We all want our voices to be heard. That's part of why I created this site. I wanted to get people talking, reflecting, remembering. It's a shame, to say the least, when our opinions or what we stand for are bent or slanted. It's also quite common. Sometimes this bending is an accident. It can also be done on purpose. Everyday people, different organizations, and powerful members of society have been known to ignore the words of others. They've also changed them to help themselves or to somehow hurt the speaker. From this point on, I will call this bending, slanting, and unfair changing “misrepresentation.” It is something that we are definitely dealing with here in the 21st century. Believe it or not, though, our friend William Shakespeare has suffered from it as well.                                                                                                                                                                                                                                   What leaps to mind when we think of misrepresentation? Perhaps the Boston Tea Party or the saying that goes with it: “No taxation without representation.” More recent may be the movement led by a group known as “the 99 percent.” This, as far as I can tell, means the 99 percent of our society. In other words, it is most of the people, those in the underpaid working class. They speak out against too much taxation and believe the 1 percent, the rich people who get too many tax breaks, should have to pay at least as much as them They want help and they want to be heard. Based on what I've read, they think that, despite these desires, the government would rather ignore their protests. It also, according to the 99, comes up with explanations or laws that favor the better-off. I think this is a fair example of modern misrepresentation.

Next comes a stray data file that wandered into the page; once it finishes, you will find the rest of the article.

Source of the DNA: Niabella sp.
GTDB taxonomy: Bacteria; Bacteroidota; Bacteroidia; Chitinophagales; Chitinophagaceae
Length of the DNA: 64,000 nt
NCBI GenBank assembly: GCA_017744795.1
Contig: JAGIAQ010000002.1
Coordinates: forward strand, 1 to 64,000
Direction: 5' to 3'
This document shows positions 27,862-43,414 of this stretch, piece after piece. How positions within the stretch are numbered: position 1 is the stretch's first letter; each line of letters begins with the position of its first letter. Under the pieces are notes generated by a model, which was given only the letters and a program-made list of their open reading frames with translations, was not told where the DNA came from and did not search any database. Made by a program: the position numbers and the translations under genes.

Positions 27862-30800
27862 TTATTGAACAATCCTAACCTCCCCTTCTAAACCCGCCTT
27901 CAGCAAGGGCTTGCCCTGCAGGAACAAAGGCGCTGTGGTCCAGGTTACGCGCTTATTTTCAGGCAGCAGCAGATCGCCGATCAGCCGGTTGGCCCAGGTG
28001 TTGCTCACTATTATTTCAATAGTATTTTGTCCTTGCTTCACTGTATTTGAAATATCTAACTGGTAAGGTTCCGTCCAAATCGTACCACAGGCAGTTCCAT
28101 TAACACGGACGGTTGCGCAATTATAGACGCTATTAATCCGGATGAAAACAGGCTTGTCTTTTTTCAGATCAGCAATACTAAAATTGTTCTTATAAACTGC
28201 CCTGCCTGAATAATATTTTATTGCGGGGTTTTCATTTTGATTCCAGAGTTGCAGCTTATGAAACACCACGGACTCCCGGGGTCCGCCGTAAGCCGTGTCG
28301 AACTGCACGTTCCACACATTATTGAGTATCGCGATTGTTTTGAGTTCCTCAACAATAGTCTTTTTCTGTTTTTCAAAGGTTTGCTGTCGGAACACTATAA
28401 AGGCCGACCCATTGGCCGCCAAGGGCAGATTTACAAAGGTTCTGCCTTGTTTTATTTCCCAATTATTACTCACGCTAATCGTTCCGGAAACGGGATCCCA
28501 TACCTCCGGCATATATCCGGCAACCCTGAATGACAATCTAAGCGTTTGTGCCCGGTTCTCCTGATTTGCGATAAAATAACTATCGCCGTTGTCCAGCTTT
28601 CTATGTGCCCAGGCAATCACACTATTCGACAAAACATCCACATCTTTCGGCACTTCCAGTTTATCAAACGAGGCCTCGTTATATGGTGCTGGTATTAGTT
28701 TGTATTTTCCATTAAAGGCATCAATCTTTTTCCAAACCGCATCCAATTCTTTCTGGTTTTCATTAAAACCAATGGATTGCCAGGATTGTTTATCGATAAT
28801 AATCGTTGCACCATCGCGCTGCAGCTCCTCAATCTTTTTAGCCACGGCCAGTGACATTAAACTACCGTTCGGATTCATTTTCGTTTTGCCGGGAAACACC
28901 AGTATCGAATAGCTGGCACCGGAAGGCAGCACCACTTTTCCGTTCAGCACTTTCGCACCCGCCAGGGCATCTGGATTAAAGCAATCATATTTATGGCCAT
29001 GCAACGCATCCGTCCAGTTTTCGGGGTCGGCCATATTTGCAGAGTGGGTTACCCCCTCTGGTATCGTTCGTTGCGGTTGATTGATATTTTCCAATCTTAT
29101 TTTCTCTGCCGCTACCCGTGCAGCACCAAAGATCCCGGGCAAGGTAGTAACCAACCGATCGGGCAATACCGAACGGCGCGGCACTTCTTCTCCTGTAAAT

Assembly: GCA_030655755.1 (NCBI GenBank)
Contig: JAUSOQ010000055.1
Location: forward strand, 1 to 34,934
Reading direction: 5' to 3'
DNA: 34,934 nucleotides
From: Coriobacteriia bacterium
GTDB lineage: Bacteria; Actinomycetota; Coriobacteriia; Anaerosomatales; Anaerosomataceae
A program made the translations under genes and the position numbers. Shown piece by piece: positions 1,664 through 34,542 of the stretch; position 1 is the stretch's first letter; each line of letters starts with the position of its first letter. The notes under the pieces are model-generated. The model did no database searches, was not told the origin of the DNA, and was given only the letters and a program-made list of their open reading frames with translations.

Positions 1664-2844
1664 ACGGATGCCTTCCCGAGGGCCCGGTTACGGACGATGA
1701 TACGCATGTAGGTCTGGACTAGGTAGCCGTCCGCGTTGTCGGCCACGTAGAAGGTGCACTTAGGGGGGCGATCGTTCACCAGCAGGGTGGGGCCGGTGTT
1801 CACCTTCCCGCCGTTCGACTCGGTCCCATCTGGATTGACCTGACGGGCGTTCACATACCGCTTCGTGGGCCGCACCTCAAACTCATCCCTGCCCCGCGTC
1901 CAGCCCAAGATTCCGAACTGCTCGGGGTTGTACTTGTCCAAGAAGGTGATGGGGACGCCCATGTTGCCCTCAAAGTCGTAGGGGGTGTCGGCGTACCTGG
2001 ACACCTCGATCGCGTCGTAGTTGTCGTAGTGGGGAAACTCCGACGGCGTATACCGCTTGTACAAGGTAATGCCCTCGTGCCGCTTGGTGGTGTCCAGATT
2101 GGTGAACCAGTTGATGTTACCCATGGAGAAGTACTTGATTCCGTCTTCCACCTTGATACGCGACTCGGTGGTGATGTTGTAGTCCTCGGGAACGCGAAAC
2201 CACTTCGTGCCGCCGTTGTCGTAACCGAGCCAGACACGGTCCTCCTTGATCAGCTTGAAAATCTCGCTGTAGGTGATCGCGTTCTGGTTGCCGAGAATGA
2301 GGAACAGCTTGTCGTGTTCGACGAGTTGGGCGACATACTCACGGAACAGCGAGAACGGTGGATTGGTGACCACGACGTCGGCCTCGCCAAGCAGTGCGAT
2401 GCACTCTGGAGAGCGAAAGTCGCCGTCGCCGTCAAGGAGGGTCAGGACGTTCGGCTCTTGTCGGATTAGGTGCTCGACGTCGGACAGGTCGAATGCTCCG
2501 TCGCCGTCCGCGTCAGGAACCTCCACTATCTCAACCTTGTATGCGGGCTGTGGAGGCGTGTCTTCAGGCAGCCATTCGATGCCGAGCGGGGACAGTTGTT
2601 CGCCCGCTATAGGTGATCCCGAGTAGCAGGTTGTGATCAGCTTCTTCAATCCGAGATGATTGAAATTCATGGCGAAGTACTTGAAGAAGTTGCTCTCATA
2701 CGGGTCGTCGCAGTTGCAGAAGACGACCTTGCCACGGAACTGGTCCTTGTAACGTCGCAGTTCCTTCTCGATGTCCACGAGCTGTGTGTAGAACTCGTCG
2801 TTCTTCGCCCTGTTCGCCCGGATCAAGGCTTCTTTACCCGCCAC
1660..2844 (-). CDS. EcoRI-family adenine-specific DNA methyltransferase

What does this have to do with Shakespeare? Well, the government might not be taking advantage of The Bard, but religious and political groups are. I read a New York Times article in the Opinion Pages a little while ago. It said that, as of February 10, 2012, Shakespeare's characters are still sparking controversy and giving insight into human nature. The most revealing character as of late is Shylock from “The Merchant of Venice.”

    In honor of the Cultural Olympiad in London, 37 of Shakespeare's works are scheduled to be performed in the Globe Theater. All of them will be in different languages. The Cultural Olympiad is a large cultural celebration meant to inspire creativity and bring people together. It focuses on younger generations. (The following link will take you to a homepage: http://festival.london2012.com/index.php.) The only cultural performance to stir up trouble? “The Merchant of Venice.” It's supposed to be performed in Hebrew by the Habima Theater of Israel. Some insist that Shylock, described by many as a Jewish moneylender, cannot possibly practice Judaism as his faith. This is because revenge, a staple of the character's personality, does not agree with that religion. Quite understandably, they do not want audience members to see Shylock's major flaws and think that's how all Jewish people act.

    Nor does this argument stand alone. Throughout Israeli history, many different versions of “The Merchant of Venice” have been performed. They are usually affected by changing Israeli identity and their place in the world. Other cultures, similarly, choose to show Shylock in a kinder light or as a villain. Some still see his existence and characteristics as an example of racism.

    Either way, I think one of the greatest shames of all this is that Shakespeare is no longer around to defend his choices or characters. That, and his words have been used unfairly, to fuel racial discrimination. We cannot be sure why he made Shylock Jewish – if he is, in fact, Jewish. As a result of this silence, people judge Will's decisions. They change the way Shylock is seen and acted to satisfy others. Perhaps most unfortunate of all, they turn the entire play into an empty symbol at the mercy of our every whim.

Questions to Consider:

What does misrepresentation mean to you?

What are other current examples of political, religious, social, or economic misrepresentation you've seen or heard about?

For those who have read “The Merchant of Venice,” what did you first think of Shylock? Did you feel sympathy for him? Did the way Shakespeare wrote him strike you as offensive?

How might Shakespeare defend his choices/depiction if he were alive today?

Based on your understanding of “The Merchant of Venice,” the character of Shylock, and what you've read here, do you think Shakespeare was reflecting society or influencing it?